BACKGROUND AND OBJECTIVES: Central to health insurance reform discussions was the recurring question: why are eligible children not enrolled in public insurance programs? We interviewed families with children eligible for public insurance to (1) learn how they view available services and (2) understand their experiences accessing care. METHODS: Semi-structured, in-depth interviews with 24 parents of children eligible for public coverage but not continuously enrolled were conducted. We used a standard iterative process to identify themes, followed by immersion/crystallization techniques to reflect on the findings. RESULTS: Respondents identified four barriers: (1) confusion about insurance eligibility and enrollment, (2) difficulties obtaining public coverage and/or services, (3) limited provider availability, and (4) non-covered services and/or coverage gaps. Regardless of whether families had overcome these barriers, all had experienced stigma associated with needing and using public assistance. There was not just one point in the process where families felt stigmatized. It was, rather, a continual process of stigmatization. We present a theoretical framework that outlines how families continually experience stigma when navigating complex systems to obtain care: when they qualify for public assistance, apply for assistance, accept the assistance, and use the public benefit. This framework is accompanied by four illustrative archetypes. CONCLUSIONS: This study provides further insight into why some families forego available public services. It suggests the need for a multi-pronged approach to improving access to health care for vulnerable children, which may require going beyond incremental changes within the current system.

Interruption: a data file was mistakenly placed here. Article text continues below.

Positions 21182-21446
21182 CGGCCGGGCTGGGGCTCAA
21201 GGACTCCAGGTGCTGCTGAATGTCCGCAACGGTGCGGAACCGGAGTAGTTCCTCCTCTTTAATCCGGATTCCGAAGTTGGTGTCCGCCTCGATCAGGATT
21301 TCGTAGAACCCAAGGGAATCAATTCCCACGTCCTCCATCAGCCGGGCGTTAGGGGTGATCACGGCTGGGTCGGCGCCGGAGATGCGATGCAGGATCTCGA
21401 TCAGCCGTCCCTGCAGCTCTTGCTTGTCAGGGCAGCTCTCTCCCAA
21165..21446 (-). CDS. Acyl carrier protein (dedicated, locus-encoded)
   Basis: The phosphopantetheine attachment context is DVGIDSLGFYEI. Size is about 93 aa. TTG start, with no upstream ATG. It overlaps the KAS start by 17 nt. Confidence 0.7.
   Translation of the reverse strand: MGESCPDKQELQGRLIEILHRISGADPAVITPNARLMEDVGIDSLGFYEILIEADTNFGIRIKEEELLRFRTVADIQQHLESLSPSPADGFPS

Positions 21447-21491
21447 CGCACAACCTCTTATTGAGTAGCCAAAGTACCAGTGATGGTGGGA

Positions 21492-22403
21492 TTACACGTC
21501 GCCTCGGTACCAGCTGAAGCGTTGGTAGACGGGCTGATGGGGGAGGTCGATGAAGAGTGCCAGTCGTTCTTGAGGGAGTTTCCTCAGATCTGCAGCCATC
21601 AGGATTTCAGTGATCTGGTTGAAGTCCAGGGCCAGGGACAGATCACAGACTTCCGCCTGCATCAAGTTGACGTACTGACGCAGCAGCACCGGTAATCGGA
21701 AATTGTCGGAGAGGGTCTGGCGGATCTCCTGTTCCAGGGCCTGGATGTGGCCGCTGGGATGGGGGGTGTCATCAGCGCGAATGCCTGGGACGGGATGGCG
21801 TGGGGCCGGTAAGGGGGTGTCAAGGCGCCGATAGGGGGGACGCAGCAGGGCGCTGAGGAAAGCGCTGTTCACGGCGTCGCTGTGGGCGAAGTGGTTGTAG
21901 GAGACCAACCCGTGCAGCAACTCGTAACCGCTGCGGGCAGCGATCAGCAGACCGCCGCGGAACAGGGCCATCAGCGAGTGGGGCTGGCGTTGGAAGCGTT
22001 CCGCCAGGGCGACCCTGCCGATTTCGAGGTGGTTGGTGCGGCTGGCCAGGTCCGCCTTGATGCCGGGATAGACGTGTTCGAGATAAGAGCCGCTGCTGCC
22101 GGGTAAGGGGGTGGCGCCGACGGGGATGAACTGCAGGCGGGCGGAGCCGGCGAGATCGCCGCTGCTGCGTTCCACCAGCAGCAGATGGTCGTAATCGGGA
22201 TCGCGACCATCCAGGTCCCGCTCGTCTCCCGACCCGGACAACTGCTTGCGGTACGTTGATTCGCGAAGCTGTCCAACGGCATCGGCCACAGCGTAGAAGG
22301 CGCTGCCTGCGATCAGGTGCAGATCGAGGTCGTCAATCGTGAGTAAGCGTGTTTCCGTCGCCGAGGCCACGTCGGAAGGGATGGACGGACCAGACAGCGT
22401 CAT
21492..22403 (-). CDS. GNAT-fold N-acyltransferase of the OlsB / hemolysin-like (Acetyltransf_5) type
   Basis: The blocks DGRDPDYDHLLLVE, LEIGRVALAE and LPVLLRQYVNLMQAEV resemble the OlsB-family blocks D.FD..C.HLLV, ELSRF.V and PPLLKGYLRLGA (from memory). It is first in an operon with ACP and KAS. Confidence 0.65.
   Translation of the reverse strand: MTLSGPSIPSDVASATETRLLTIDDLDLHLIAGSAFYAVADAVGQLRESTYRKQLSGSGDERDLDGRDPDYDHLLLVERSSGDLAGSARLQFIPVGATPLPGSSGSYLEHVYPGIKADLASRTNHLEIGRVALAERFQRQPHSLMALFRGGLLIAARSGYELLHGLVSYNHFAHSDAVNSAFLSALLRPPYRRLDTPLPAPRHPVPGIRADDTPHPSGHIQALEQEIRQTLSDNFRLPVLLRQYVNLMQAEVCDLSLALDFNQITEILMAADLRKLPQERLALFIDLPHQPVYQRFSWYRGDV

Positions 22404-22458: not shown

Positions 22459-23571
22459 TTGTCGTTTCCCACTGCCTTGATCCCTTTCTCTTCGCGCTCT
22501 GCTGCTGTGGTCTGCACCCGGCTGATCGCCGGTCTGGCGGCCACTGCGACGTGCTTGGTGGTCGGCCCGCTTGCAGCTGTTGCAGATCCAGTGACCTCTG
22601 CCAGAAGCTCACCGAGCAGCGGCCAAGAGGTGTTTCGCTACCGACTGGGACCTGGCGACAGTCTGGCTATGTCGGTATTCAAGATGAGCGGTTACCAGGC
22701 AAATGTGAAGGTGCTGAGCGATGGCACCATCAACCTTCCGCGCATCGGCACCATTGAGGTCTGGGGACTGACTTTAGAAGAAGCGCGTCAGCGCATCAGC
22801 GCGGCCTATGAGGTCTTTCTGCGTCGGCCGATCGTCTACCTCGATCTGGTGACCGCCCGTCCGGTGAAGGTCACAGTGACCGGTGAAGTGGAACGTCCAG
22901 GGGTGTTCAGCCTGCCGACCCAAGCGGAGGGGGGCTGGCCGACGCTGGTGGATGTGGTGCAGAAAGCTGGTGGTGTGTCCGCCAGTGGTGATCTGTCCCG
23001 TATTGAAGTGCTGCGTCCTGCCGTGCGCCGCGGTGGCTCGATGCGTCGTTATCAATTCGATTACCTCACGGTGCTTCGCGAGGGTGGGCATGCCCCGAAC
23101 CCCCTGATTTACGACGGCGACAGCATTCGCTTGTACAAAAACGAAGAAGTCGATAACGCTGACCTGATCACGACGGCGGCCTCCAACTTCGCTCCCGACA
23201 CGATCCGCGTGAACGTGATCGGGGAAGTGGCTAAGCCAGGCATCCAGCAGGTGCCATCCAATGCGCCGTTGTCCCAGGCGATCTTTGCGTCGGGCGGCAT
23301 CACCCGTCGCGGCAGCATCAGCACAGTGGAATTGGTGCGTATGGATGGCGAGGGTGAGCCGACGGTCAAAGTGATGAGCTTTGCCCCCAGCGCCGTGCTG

|Original language||English (US)|
|Number of pages||8|
|State||Published - Jan 2012|
ASJC Scopus subject areas
- Family Practice